Alien species alarm re-sounded

More funding is needed to tackle the problem, officials tell a Senate panel
Honolulu Star Advertiser - January 9, 2014
Gary T. Kubota

Last year, a mosquito capable of spreading dengue fever began showing up at Honolulu Airport.

And on Dec. 23 at Joint Base Pearl Harbor-Hickam, state inspectors found coconut rhinoceros beetles, or Oryctes rhinoceros -- insects capable of destroying palm and coconut trees as well as sugarcane.

Hawaii is facing serious threats from new alien species, state Health Department officials warned lawmakers Wednesday, saying more financial support and coordinated focus is necessary to stem an invasion of harmful insects capable of causing billions in economic losses.

Acting Health Director Gary Gill said a state biologist noted the presence of Aedes aegypti mosquitoes near Honolulu Airport on several occasions last year. The mosquito is capable of spreading dengue fever.

"It's the worst possible place to have this mosquito," Gill told lawmakers at a hearing of the state Senate Committee on Energy and the Environment.

"We need to focus on points of entry. ... A million dollars is going to save billions of dollars in our economy. What would happen to the tourist economy if we had biting ants on our beaches, if we had dengue fever spreading far and wide? How many people would want to come here? It's a common-sense investment in our protection."

Preparing for next week's legislative session, the committee received an overview of efforts by various state departments and state-funded groups that fight invasive species.

The Health Department's acting Plant Quarantine Branch chief, Darcy Oishi, said an investigation is underway to determine how much the coconut rhinoceros beetle has spread on Oahu after the insect was discoveredlast month.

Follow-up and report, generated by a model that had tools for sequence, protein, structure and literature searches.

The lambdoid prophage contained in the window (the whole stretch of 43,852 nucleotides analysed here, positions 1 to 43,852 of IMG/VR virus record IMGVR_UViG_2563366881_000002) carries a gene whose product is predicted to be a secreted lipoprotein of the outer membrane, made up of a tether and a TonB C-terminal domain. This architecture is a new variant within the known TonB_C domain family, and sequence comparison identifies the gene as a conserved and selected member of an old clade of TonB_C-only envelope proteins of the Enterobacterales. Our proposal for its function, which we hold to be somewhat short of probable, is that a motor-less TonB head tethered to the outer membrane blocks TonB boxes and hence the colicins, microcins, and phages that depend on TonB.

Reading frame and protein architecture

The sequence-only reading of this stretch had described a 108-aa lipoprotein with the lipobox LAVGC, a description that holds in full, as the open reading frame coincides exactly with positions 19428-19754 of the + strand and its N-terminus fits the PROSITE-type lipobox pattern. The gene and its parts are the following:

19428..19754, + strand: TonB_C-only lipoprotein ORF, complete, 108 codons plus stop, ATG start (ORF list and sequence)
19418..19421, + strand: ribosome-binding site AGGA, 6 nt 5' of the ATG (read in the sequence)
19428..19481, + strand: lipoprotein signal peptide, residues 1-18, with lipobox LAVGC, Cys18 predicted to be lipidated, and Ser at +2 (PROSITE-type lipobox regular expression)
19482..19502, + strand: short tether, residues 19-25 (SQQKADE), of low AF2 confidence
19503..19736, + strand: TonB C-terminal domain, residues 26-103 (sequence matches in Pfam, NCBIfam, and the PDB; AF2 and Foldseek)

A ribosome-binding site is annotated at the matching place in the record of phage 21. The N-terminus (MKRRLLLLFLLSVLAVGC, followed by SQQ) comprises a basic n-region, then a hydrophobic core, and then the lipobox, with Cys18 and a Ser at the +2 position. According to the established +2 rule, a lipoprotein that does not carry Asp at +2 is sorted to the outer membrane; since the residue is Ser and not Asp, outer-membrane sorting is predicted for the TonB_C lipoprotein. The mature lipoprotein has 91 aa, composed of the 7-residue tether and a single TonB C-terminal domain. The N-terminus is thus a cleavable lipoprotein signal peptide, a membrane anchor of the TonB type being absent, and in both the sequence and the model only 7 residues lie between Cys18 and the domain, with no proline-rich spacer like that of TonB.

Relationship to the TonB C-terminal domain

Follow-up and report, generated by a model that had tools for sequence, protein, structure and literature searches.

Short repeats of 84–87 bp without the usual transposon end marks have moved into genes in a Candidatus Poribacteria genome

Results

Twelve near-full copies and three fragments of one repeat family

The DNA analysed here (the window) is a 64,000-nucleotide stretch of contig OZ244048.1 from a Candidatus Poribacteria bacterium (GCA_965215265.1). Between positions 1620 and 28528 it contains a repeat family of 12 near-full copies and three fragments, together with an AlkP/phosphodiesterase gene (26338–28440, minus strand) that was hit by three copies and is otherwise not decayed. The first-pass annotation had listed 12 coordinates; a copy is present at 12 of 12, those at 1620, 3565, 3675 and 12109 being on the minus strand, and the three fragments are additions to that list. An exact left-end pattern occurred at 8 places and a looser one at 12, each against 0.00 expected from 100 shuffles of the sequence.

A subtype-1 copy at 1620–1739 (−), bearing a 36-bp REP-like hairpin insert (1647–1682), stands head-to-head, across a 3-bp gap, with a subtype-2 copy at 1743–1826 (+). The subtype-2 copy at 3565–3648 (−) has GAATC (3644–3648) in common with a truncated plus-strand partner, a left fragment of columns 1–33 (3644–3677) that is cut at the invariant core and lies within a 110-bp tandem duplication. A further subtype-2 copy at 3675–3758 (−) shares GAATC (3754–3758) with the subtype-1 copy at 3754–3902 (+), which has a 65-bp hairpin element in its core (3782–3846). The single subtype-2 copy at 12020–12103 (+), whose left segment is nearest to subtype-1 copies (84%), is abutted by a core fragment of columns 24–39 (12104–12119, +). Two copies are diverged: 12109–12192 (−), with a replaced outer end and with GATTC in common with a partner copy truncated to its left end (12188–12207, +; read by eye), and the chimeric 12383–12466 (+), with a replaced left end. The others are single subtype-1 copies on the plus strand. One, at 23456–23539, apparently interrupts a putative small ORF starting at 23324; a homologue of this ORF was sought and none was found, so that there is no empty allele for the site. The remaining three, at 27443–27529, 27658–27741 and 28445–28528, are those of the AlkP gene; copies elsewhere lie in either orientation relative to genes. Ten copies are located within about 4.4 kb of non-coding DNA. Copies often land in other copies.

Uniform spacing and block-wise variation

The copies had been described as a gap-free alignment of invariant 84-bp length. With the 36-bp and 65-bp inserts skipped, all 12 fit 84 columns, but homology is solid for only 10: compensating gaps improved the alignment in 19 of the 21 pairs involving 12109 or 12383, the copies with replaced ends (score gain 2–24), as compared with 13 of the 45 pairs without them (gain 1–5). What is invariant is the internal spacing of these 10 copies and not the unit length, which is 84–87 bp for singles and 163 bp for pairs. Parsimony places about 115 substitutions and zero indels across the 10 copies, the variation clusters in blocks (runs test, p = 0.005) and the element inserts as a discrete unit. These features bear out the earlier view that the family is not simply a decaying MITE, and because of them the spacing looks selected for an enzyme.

Officials are also trying to contain the spread of little fire ants, Wasmannia auropunctata, across the state. Most recently appearing on Oahu with its severe sting, the ant could generate $170 million in economic losses per year if it were to become established, a University of Hawaii study found.

"What we heard today reinforces our concerns about the devastating impact invasive species are having on our environment, our agriculture and our economy," said state Sen. Mike Gabbard. "It's a problem that seems to be getting worse."

After the hearing, Oishi said the state is trying to determine the amount of money needed to fight both the little fire ant and the coconut rhinoceros beetle.

Gill said 40 staff positions in the state Vector Control Section were cut during the economic downturn, and there are now only five employees on Oahu. Just one employee is assigned to the airport, where he said the Aedes aegypti mosquitoes may be coming from.

Gill said funding for eight positions in vector control was requested during the past legislative session and approval was given for four. He is again seeking funding to fill the other four positions this session.

Because of a lack of funding, there are no night shift agricultural inspectors at the airport, Gill said.

Christy Martin, speaking on behalf of the Coordinating Group on Alien Pest Species, said adequate inspections are needed to protect Hawaii.

There needs to be a way of inspecting the mail to prevent smuggling of alien species, including seeds of banned plants, and also an overhaul of the state certification program for nurseries to prevent the spread of invasive species like the coqui frogs, or Eleutherodactylus coqui, Martin said.

State officials continue to seek funding for Gov. Neil Abercrombie's initiative to increase the amount of watershed acreage across the state, partly by fencing off areas to prevent pigs, goats and deer from entering native forest areas.

Senate and House Democrats are supporting a bill to give $5 million in fiscal 2014-15 to the Hawaii Invasive Species Council, which issues grant money to various priority projects aimed at fighting biological threats. The council received $750,000 in general funds in fiscal 2013-2014.

Part of the problem facing Hawaii stems from the federal system of screening, some say. Little fire ants, already present in California and Florida, are not on the list of banned federal insects even though their environmental impact can be devastating, Oishi said.